After a Chinese re-release of the sitcom Friends, some fans have accused the Chinese government of censorship after scenes featuring Ross's ex-wife, Carol, who is a lesbian, were excluded from the program.
Last Friday, several platforms began running the first season of Friends, which first premiered in 1994, The Guardian reports.
Some viewers who were already familiar with the series realized that the scenes had been cut. The outlet notes that viewers also reported that lines from LGBTQ+ characters on the show had been taken out or mistranslated.
On the Chinese microblogging platform Weibo, the alleged Friends censorship saw tens of millions of hashtags and comments.
"Covering your mouth and ears does not mean non-existence," one Weibo user wrote.
Another user asked what the censors would do when Phoebe agrees to serve as a surrogate for her brother.
One user commended Friends for even having LGBTQ+ characters on its first season, when queer characters were largely missing from television.
"On the other hand, in today's China, under a similar environment, not only is there no TV drama with high popularity and high reputation, which can insert gay characters into the play in a similar way, but even introduced foreign TV shows don't dare to completely show gay content," the user said. "I don't understand why this line was cut, why it's still the same here after 30 years, we are even going backwards."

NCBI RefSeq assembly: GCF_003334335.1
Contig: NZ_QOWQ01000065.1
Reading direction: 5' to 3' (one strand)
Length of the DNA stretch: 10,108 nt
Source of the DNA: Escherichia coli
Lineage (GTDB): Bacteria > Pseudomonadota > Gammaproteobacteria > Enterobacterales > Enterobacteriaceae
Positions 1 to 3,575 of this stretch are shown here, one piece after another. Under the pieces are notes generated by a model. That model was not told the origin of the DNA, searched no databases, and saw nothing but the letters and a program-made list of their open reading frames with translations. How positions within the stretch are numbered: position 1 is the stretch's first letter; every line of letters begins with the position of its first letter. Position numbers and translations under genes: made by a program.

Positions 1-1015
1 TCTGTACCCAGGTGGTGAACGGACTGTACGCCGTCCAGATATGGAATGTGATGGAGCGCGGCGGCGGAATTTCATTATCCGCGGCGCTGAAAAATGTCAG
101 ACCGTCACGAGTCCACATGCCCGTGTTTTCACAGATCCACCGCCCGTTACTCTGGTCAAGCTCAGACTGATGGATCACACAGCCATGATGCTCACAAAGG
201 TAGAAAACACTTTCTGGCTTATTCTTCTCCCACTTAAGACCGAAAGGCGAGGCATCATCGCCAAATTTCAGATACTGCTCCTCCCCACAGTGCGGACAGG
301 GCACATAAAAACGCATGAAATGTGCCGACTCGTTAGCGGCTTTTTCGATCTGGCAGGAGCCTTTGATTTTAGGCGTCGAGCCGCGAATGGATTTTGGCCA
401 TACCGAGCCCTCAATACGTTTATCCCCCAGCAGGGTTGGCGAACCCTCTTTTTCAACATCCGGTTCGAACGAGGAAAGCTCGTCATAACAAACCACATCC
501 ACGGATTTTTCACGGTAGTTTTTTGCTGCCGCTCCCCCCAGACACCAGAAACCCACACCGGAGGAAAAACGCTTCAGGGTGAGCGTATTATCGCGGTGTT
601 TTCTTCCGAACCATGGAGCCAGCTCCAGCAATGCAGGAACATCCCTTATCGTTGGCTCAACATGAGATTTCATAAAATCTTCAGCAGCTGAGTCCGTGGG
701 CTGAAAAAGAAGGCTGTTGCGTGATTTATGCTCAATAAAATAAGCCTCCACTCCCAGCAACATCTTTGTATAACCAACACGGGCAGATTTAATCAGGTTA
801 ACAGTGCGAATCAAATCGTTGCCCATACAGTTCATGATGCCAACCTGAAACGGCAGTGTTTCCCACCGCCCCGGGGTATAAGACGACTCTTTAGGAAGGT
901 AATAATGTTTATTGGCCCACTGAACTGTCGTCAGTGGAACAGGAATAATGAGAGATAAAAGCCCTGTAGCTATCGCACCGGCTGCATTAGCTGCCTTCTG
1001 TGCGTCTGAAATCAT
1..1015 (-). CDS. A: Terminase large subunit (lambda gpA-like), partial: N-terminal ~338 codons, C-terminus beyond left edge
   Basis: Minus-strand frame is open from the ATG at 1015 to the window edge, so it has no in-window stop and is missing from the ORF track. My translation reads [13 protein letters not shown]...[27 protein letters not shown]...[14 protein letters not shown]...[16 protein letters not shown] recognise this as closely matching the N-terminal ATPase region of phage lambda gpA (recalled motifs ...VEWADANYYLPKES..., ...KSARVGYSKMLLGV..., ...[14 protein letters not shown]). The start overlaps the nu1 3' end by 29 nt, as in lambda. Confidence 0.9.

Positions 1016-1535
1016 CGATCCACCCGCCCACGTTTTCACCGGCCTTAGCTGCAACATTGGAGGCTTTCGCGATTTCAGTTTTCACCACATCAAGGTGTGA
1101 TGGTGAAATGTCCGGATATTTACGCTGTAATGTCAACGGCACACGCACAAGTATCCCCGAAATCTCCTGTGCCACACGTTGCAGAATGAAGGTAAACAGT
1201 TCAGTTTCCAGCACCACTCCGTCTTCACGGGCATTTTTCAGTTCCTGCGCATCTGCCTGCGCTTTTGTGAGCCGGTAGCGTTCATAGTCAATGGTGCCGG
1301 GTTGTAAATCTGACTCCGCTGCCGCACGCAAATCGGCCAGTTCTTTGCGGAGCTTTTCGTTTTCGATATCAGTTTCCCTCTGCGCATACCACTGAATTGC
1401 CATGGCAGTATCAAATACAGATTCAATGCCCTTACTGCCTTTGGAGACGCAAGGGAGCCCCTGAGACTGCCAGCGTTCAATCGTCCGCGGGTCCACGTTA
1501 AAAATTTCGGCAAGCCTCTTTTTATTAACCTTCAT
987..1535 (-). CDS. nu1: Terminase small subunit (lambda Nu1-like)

The Guardian reports that the criticism of the censorship was even censored as it was replaced with "Why is Friends so popular?"
The show is immensely popular in the country and had been available to stream online in its original version until 2018. However, Chinese President Xi Jinping has ushered in a new era of censorship in recent years that has largely targeted non-traditional families and values.
For instance, in 2016, a ban took place on showing queer people on TV. Then, last year, so-called "sissy men" were banned from TV. LGBTQ+ rights groups at universities have been shut down as well.